>
    > You don't get a compiler error nor warning (perhaps a warning
    > would be appropriate) by nut including it, as <string> is
    > included indirectly through IncludeA.


    No, you don't get a compiler error.

    >
    > This is a common knowlegde and most styleguides will suggest
    > you include <string> in this case to stay independent of internal
    > changes in IncludeA.


    That's correct!

    >
    >
    > My question is if this should be the case also for difinition
    > files (.c++ files)? You may claim that by including the declaration
    > "IncludeA", you inherit the lot, and there is no need to include
    > <string> separately as you got it for free already.


    Same rule, the source file #includes "IncludeA.h" for class A, "IncludeB.h"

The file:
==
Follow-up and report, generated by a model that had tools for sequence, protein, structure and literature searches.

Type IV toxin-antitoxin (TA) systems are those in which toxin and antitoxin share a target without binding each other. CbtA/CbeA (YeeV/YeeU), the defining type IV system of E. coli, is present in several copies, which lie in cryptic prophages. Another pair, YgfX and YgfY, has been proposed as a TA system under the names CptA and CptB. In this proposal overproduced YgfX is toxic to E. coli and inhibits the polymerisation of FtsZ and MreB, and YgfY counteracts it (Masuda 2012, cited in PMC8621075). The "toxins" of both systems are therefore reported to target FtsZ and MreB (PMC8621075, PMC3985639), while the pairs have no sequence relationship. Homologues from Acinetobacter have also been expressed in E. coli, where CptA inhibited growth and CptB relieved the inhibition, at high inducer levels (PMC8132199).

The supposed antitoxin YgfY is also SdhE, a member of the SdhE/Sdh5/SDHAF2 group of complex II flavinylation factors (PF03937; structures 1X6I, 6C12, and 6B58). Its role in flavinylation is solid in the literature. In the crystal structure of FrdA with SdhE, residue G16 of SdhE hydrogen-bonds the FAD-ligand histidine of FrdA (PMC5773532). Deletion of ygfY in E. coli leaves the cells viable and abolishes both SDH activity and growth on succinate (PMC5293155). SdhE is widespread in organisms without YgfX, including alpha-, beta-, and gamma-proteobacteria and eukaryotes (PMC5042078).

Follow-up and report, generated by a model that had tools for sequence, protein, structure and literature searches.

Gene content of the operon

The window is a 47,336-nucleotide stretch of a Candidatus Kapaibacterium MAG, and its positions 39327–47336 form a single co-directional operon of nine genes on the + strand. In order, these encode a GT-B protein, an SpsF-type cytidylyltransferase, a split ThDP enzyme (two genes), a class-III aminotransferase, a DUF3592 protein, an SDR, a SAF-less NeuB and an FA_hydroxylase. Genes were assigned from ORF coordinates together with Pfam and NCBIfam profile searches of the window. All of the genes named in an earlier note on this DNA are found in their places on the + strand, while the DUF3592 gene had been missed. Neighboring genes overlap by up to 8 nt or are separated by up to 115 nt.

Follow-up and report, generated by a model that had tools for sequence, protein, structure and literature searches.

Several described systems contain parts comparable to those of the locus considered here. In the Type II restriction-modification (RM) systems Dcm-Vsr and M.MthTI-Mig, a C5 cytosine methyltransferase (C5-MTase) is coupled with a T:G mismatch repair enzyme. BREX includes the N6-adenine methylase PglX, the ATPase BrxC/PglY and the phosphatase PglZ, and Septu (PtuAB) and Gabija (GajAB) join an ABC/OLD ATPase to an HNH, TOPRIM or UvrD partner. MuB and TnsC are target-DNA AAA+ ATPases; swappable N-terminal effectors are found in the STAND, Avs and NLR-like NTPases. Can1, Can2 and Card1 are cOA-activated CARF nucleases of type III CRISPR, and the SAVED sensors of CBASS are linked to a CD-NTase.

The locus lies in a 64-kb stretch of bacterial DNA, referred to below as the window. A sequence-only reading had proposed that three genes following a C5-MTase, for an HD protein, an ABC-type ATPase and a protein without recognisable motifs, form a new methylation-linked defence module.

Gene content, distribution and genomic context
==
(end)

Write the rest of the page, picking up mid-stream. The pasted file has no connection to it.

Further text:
for class B, <string> for std::string.

    >
    > Any suggestions?
    >
    > Thanks!


    No worries!

    Ben
    benben, Aug 16, 2005
    #5
    1. Advertising

Want to reply to this thread or ask your own question?

It takes just 2 minutes to sign up (and it's free!). Just click the sign up button to choose a username and then you can ask your own questions on the forum.
Similar Threads
  1. Geraldine

    includes in ASP .NET

    Geraldine, Oct 28, 2003, in forum: ASP .Net
    Replies:
    1
    Views:
    301
    Kevin Spencer
    Oct 29, 2003
  2. Tor Nordahl

    WEBBOT includes and .ASPX

    Tor Nordahl, Nov 4, 2003, in forum: ASP .Net
    Replies:
    0
    Views:
    374
    Tor Nordahl
    Nov 4, 2003
  3. Steve

    Virtual Includes in ASP.NET

    Steve, Nov 19, 2003, in forum: ASP .Net
    Replies:
    1
    Views:
    407
    Jim Cheshire [MSFT]
    Nov 19, 2003
  4. Davíð Þórisson

    migrating asp to aspl.net: includes?

    Davíð Þórisson, Dec 30, 2003, in forum: ASP .Net
    Replies:
    4
    Views:
    372
    Davíð Þórisson
    Dec 30, 2003
  5. Jay

    Using includes with ASP.NET

    Jay, Jan 13, 2004, in forum: ASP .Net
    Replies:
    1
    Views:
    478
Loading...

Share This Page